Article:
The Walking Dead kicked off its fourth season with a new wrinkle: an illness that has killed at least one in the prison population in a very, very short amount of time. And you know what death means in this world: instant transformation into a zombie. I recently spoke with Vincent Martella, whose character Patrick - new to the show this season - is Patient Zero. When last we saw Patrick, he dropped dead in the shower in the middle of the night - then awoke almost immediately, zombified. We spoke about what kind of havoc Walker Patrick might bring upon the survivors.
How did you get the role?
They sent me some material when they wanted me to read for the role. It was a lot of basics about the character, but all on a fake script because they like to keep everything pretty close to the chest. Luckily they liked my interpretation of the character, and where I was going with it. I got the full script and I got to talk to the director, Greg Nicotero, and the showrunner and writer of the episode, Scott Gimple, a bit more about my character and where he is headed and what I needed to be aware of.
Were you a fan of The Walking Dead before you got the role?
I was, a very big fan. I’ve been watching it since the very beginning. Just getting the opportunity to be on a show like this was incredible - let alone actually working on it.
Do you read the comics?
I’ve not. I read part of the first issue when I booked the role, but then I decided it was best if I didn’t. I didn’t really want to know what happened! I know they vary quite a bit.
Did you get to interact with many zombies while on set?
Yeah. My first day there I came in for fittings and there was no one really there - they were shooting in the woods. Once I got on set for my first day [of shooting], 20 or 30 walkers were lining the fence of the prison. It’s incredible to see how they turn out on film, but it is really an experience to see them in person. It was very surreal.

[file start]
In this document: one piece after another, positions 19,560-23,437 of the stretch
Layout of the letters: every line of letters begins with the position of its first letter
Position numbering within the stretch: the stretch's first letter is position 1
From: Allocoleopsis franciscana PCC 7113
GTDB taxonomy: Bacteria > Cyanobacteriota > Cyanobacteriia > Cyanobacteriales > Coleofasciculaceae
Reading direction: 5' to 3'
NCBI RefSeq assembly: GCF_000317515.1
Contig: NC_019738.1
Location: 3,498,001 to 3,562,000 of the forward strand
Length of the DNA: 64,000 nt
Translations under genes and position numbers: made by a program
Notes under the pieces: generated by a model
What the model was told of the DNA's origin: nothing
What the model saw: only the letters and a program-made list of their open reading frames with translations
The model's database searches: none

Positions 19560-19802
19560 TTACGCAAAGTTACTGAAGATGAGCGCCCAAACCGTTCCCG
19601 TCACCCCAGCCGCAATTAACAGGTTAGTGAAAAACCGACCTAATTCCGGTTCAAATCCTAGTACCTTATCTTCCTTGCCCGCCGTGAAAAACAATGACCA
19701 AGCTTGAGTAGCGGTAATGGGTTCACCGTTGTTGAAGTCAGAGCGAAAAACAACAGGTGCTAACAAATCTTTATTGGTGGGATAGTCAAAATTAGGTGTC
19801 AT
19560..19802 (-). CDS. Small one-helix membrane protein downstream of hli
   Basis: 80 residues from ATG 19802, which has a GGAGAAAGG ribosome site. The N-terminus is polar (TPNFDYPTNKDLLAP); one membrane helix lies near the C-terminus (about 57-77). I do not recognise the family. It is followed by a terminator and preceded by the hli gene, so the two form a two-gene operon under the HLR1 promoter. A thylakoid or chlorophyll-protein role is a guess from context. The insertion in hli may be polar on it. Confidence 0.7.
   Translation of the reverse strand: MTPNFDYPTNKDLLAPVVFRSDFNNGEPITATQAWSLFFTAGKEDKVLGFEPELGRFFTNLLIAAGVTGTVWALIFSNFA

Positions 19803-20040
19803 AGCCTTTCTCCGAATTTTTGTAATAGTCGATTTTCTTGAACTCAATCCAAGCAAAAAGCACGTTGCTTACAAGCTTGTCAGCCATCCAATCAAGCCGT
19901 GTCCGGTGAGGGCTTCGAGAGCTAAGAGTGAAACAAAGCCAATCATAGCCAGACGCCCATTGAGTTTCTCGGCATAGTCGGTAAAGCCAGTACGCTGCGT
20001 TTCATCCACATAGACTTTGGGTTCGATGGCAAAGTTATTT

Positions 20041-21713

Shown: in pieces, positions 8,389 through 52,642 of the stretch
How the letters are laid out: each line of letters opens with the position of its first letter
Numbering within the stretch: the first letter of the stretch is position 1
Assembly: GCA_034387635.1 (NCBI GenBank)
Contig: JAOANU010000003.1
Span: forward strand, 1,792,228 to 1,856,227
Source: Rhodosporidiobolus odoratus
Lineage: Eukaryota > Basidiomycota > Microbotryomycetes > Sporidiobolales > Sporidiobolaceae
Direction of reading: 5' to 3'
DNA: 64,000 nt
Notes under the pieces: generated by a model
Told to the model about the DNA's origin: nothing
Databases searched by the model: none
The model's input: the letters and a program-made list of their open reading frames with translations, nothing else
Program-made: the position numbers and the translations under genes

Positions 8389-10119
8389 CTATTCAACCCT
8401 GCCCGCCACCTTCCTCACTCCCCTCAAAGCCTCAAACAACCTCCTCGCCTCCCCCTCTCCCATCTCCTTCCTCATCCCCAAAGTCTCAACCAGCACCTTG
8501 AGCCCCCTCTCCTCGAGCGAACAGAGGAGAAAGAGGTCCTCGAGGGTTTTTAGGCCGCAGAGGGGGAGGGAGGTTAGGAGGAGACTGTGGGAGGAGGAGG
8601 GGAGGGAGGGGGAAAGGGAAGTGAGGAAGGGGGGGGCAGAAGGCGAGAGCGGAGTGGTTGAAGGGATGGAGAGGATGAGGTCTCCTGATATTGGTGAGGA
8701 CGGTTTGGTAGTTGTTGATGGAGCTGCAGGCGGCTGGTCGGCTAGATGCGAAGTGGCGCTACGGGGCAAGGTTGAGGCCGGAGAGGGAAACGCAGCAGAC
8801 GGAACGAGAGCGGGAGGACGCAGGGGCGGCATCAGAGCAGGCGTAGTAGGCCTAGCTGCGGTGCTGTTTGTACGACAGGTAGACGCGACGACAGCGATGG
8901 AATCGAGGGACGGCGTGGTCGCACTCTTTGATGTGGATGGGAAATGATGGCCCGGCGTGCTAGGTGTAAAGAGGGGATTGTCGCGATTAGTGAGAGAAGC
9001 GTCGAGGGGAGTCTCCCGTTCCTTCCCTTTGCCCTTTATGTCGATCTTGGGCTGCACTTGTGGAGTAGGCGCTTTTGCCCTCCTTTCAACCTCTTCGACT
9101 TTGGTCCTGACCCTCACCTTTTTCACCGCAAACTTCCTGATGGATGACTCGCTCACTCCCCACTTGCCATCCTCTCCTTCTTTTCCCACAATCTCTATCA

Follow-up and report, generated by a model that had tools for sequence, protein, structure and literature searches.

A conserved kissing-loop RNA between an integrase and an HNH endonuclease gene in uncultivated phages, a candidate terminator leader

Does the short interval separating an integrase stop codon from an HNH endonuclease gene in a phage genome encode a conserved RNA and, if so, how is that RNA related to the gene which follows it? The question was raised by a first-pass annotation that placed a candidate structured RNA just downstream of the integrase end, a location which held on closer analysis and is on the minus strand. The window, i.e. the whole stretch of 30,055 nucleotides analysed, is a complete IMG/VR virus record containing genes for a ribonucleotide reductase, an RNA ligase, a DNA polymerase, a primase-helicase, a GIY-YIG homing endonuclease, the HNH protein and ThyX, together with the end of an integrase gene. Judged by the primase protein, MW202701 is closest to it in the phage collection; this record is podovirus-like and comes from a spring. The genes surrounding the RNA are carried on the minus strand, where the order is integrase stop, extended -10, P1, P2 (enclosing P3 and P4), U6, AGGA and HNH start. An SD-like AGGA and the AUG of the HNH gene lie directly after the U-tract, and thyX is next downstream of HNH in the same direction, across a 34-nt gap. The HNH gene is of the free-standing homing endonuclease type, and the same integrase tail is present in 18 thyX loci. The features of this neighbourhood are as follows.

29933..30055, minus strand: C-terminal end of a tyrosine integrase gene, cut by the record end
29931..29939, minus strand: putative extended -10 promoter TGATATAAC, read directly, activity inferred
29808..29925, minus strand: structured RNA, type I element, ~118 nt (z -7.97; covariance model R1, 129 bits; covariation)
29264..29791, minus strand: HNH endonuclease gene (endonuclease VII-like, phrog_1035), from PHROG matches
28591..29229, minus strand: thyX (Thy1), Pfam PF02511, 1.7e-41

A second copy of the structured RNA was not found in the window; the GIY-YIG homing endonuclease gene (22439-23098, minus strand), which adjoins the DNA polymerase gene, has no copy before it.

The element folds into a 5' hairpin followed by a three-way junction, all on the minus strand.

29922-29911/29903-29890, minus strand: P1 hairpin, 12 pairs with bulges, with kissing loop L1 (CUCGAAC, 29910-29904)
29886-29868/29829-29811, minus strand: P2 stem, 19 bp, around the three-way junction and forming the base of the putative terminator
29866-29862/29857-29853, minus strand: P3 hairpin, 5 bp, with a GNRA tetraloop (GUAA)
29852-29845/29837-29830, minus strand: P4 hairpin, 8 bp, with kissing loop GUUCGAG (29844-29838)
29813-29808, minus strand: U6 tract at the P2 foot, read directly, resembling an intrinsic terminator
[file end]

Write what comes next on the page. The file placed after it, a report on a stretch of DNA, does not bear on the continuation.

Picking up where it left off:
The great part about working on this show is how incredibly real the experience was. The actual setpiece they have built at their studio in Georgia, the prison, is so massive. It’s kind of breathtaking when you first see it, let alone when it is filled with walkers. Being in that environment keeps everyone in the mood of the show. I think it is a really cool experience to have as an actor. It gets everyone into character very quickly.
Was it easy to leave the character behind on the set, or did you carry him with you?
When we shot the shower scene at the end, we took quite a bit of time. It was very funny going home after shooting that because I was still covered in blood and I looked very bad. That was weird when I went back to the hotel and looked at myself in the mirror, I thought, “Wow. I definitely died today.”
Your character, Patrick, has developed very rapidly. By the end of the your first episode, you are a walker.
Yeah, I didn’t know I was going to end up as a walker until i got the script, but I was definitely excited about it. Obviously I’d love to work on the show for the whole season, but to get the opportunity to establish yourself as a character with his own story - then get to play a walker at the end, that’s something I don’t think you can find anywhere else!